The thing about the dead little sister might sound more than a little weird, but weirdness is another of the show's more noteworthy traits, for good or ill (or perhaps both.) Karen Senki pulls things out of thin air, out of left field, out of a hat, and sometimes out of much darker, more private places. I often got the feeling here (as I sometimes also got with Reboot) that the creative team was given a little too much free rein, on the theory that, hey, the audience is being given all this neat CG, it shouldn't complain if we just want to have fun and go with whatever comes into our heads, logic be damned. So we have recurring bits involving a lady who mows robots down with a Gatling gun deployed from a flying skull-shaped thing that apparently materializes out of nowhere. And the whole thing with lil' sis. You see, Karen's little sister Touka was obsessed with a magical-girl anime (a certain fast-food corporation should sue; you'll see why), and died pretending to be that character. Now she's somehow- through the gun, through Karen's body energy, or through yet again reaching into that forbidden source of arbitrary inspiration, we don't know- somehow brought back as an energy-entity that delights in destroying robots. She enjoys it SO much that I had to wonder if perhaps THIS Touka was maybe just created from Karen's memories of her (a la Solaris), and is mainly a manifestation of Karen's own Id. Who knows? Karen does have one line of dialogue with her that was surprisingly good, though.

Some of the other weirdness is explained a bit better, including two characters who have interesting ways of keeping from actually dying when they are killed. I have to say this show has one of the most interesting supporting casts I've ever seen. It's a shame that Karen herself is a bit stereotyped: she's got that droll, jaded, cynical attitude that pretty much defines the modern action hero; she might as well be Bruce Willis (though she's much easier on the eyes.)

There are other things that are a mite overly familiar as well. Karen can dodge bullets, which we see going by in slo-mo in an utter steal from a famous film featuring a character named Neo. Another scene was lifted straight from Wall-E. We even have a reference to Psycho (it took me two viewings to catch that, though.)

Like everything else in this show, the robots are a study in contradictions. The soldier robots are one-eyed hulking brutes with machine-gun arms, but their ostensible leader is driven by SERIOUSLY misguided idealism, and doesn't always control his troops that effectively either. And often the robots just come across as bumblers; they're rather easily swindled, and have TERRIBLE fashion sense. (Accessorizing your overcoat with grenades is just WRONG.) The scene where two robots part ways is such hysterically over-the-top melodrama that it's obvious the show's creators are once again winking at the audience. But if the show's creators don't always take the robots seriously as a menace, then how can we?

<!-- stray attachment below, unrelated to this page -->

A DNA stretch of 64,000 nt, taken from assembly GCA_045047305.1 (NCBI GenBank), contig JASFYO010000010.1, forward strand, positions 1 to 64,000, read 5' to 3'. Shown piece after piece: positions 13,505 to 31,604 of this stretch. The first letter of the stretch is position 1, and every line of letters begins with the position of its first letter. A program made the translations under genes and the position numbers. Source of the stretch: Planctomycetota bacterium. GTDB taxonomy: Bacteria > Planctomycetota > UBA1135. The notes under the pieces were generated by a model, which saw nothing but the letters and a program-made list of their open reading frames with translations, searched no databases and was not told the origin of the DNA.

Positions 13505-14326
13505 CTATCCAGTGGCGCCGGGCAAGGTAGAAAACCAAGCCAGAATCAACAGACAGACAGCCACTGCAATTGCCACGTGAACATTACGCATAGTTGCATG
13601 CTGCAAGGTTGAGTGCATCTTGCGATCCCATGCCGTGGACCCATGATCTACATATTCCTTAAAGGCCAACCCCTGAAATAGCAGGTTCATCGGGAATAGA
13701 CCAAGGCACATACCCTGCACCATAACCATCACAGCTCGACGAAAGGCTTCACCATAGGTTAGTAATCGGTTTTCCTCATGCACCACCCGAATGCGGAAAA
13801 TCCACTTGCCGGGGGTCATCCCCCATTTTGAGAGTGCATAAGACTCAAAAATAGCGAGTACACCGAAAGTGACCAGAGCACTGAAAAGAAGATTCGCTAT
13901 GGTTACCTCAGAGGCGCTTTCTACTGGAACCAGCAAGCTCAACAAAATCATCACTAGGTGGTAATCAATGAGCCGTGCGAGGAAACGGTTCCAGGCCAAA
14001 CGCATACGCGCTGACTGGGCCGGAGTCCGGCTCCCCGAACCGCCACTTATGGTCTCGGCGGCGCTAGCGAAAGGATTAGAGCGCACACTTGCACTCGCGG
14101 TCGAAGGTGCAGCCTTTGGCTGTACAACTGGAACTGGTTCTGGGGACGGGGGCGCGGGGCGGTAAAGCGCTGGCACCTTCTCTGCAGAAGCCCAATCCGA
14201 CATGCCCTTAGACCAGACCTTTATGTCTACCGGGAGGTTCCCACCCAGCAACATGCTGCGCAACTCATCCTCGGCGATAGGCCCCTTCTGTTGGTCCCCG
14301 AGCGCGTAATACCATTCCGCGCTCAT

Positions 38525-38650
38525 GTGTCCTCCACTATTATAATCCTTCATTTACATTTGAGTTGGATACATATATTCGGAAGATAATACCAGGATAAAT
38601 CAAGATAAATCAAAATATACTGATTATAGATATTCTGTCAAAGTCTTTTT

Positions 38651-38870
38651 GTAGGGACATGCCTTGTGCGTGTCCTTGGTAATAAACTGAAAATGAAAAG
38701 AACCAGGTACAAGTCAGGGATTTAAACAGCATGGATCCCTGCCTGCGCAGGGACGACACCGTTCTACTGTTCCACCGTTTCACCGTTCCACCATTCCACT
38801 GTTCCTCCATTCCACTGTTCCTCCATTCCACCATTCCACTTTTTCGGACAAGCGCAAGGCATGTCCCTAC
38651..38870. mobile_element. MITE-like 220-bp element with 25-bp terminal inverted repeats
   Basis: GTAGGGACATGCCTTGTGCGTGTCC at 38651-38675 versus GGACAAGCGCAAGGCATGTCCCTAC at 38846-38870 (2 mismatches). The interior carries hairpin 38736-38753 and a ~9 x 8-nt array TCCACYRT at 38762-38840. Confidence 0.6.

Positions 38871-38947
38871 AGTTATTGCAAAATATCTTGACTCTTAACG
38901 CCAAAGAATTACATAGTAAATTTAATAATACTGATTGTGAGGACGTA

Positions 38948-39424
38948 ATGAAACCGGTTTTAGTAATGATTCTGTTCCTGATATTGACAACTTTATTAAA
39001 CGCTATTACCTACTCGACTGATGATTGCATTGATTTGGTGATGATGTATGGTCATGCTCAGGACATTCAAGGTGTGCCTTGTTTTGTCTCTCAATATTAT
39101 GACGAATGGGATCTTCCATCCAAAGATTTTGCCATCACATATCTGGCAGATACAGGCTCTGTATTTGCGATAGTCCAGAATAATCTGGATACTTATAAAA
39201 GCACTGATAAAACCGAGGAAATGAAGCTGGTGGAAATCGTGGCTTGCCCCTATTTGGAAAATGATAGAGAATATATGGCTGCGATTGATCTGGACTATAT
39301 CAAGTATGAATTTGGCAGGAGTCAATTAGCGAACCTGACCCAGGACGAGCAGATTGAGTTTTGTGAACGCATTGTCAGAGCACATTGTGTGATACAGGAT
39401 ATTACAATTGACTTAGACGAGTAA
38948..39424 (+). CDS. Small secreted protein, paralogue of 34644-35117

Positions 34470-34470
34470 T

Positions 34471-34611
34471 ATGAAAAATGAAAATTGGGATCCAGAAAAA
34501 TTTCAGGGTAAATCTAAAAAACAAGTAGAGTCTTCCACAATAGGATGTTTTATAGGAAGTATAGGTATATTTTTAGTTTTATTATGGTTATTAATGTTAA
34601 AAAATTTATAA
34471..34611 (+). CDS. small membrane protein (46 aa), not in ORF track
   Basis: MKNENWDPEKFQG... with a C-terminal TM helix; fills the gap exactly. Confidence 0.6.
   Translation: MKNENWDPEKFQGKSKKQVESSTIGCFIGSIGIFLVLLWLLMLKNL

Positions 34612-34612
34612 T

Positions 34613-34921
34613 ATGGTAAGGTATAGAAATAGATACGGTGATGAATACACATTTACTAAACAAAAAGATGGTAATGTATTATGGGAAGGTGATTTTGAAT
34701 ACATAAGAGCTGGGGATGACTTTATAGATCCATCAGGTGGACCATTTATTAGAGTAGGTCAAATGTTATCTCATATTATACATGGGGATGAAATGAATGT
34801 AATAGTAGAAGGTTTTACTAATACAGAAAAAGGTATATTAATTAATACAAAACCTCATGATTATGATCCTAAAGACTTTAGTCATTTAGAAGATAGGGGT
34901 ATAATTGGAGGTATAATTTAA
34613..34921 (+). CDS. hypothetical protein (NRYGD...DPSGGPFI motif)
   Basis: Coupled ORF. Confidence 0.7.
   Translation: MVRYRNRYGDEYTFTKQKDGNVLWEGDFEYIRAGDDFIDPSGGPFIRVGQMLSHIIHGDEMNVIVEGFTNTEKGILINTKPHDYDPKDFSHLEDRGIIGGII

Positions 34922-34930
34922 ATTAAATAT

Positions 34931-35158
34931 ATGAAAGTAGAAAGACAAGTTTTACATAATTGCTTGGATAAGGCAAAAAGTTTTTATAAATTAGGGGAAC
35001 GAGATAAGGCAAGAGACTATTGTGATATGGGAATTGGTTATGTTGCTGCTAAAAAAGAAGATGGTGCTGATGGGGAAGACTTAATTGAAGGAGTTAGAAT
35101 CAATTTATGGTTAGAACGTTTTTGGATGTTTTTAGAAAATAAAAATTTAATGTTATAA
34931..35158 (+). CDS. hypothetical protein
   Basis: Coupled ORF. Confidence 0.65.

The biggest single flaw of the show, though, is what was left out, at least in the 11 episodes available on Crunchyroll. Late in the show there's some attempt to provide the history of our human heroes (Karen in particular), but by the end of the series we're still left with HUGE chunks of backstory missing, particularly on the robots' side, and in most particular how their leader's thinking evolved. Episode 11 ends with an over-the-cliff-hanger ending, and by my count we're several short of meeting all the Eleven , so presumably more of this either exists or is planned. If there's more of this, I can hope we'll get some of the questions answered.

So in sum, I (mostly) liked the art a lot, loved the memorable strangeness of the supporting cast, and was fairly impressed with the combat scenes (with the caveat that it does get hard to follow everything when you've multiple opponents attacking with a barrage, a complaint I had about Vandread too.) I DIDN'T like the creators' tendency to throw away plot logic in favor of being "arch," Karen's over-used action-hero persona, and at least some of the vast number of things left unexplained (or poorly explained.) I feel a bit both ways about Karen's little sis, and the frequent homages to (or steals from) other shows. This is one of the most contradictory shows I've ever seen, and I suspect the disparate ratings on Crunchyroll reflect a Blind-Men-And-The-Elephant thing; your feeling about it depends on which parts you latch on to.

As for my final ranking of the show, again, I was pretty fascinated with the show's look and that outrageous supporting cast; I don't think I was ever bored. I considered that I'd recently given another Action/SF show, Terraformars three stars, and I really enjoyed the characters in this series, overall, a lot more than the ones in that show. There are parts here we've seen before; there are other parts I'm sure NOBODY has seen before. In my opinion, Karen Senki would have fit perfectly into Heavy Metal- the graphic magazine OR the movie it spawned- and I think would have been one of the better segments there, too.

So yes, I liked it (but didn't love it.) Your starrage may be lower, and that's OK, so PLEASE, no flames!Allen Moody

Recommended Audience: Profanity and fairly harsh violence. Karen and a lady named Eleanor supply us with in-their-underwear 3D fanservice. There is also robot fanservice. (Is this a first?) Older teens and up.

Version(s) Viewed: Digital stream on Crunchyroll, Japanese with English subs.
Review Status: Full (11/11)
Karen Senki © 2014 Ohji Hiroi/ Next Media Ltd.